Cuban Sandwich Saga: Hialeah Native Stars In Popular 'Hamilton' Parody 'Jamónton'
You've no doubt heard of the smash-hit Broadway musical “Hamilton.” But you probably don't know the saga of Alejandro Jamónton – the founding father who brought the Cuban sandwich to America:
Alejandro Jamónton/Me llamo Alejandro Jamónton/I have a sandwich that’s for everyone/It tastes great….
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OK, “Jamónton” is not a real person or a real musical. It is a smart and popular new video parody by Hialeah native Eddie Mujica. The Cuban-American comic actor and producer is an Emmy Award winner and an alum of Chicago’s famed Second City troupe.
Mujica spoke with WLRN’s Tim Padgett from Los Angeles, where he now lives.
Excerpts from their conversation:
WLRN: So we should explain to our non-Spanish-speaking audience that jamón means ham. Ham is the essential ingredient of a Cuban sandwich. Hence: Alejandro Jamónton. When and how did you come up with the idea for this pork patriot as a “Hamilton” satire?
MUJICA: You know, I actually came up with the idea a couple of years ago. I hadn't seen the play; I was trying to get tickets, but like everyone, I couldn't. But I heard the first song. And so ham, jamón – it just kind of flowed. But I didn’t really do anything more with it. And I just came back to it early [this month] when I found out “Hamilton” was coming out on Disney Plus.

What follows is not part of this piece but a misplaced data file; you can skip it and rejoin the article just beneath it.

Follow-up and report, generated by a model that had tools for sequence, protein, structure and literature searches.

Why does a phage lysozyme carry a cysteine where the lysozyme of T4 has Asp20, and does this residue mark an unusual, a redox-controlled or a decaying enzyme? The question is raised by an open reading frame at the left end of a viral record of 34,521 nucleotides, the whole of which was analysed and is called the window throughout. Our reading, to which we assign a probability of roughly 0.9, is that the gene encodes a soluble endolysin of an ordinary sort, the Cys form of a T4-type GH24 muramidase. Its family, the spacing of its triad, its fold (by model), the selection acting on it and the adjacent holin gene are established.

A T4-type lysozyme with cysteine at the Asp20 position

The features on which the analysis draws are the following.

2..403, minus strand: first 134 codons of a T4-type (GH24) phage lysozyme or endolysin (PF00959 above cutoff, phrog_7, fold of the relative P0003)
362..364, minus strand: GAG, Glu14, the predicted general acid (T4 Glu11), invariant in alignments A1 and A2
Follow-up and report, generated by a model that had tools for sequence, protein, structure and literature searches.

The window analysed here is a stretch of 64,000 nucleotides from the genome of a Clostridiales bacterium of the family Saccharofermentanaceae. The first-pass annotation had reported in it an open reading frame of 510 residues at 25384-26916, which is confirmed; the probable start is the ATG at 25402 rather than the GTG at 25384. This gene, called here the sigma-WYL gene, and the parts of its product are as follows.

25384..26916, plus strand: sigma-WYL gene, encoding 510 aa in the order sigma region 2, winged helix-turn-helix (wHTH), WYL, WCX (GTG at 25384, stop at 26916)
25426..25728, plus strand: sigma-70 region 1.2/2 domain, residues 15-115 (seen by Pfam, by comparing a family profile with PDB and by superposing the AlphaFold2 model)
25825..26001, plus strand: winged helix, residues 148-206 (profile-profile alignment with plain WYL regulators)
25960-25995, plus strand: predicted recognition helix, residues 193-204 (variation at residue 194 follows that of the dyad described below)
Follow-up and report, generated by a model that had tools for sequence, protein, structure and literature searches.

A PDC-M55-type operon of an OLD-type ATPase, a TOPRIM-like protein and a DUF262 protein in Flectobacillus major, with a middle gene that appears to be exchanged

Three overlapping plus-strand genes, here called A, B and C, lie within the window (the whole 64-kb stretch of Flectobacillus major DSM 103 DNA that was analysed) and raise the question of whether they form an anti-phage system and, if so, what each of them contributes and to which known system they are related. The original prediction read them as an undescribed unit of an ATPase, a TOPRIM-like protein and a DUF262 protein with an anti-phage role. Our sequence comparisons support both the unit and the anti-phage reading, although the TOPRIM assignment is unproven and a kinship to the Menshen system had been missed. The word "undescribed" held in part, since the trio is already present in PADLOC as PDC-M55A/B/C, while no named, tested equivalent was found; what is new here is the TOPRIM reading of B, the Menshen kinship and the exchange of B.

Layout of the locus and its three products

You really capture “Hamilton” composer Lin-Manuel Miranda’s breathless, streetwise rap with lines like: Ale’, you gotta be missin’ somethin’/Started pre-heatin’ and heatin’ roasted pork up in the oven…. "Jamónton" has had almost 30,000 YouTube views in just a couple weeks. How are fans of “Hamilton” reacting to the sendup?
It's been really well received, which has been nice. I mean, especially fans of “Hamilton.” The kind of funny thing I think they like is that, for example, I wrote it so that the Aaron Burr character added mayonnaise to the Cuban sandwich at the end instead of being the one who shot the hero:
“And me: I’m the damn fool that added mayonnaise.”
There's a lot of controversy about people from Tampa claiming that the Cuban sandwich is originally from there – and they add salami to their sandwich. So now I feel like, for sure, Aaron Burr's from Tampa.
Do you know if Miranda himself has seen it?
I don't know if he has. So many of my friends have been tagging him nonstop. You know, I'd love to know if he has, but, yeah, if – if my friends are reading this: Please leave him alone now.
I mean it as a compliment when I say Hialeah is a quirky place. How did being raised there help develop your very sharp sense of comedy and satire?
People in Tampa add salami to their Cuban sandwich. So now I'm sure Aaron Burr was from Tampa. -Eddie Mujica
I would agree, Hialeah is super quirky. And it's funny, I grew up in a part of Hialeah that's really close to the Telemundo studios; and then on the other side you have a store like Ñooo Qué Barato, which translates to, um, "How [Freaking] Cheap!" I remember moving to Chicago and talking to friends and be like, “Oh, wait, you don't get woke up in the morning by your neighbor's roosters? That's not a thing everywhere in America?”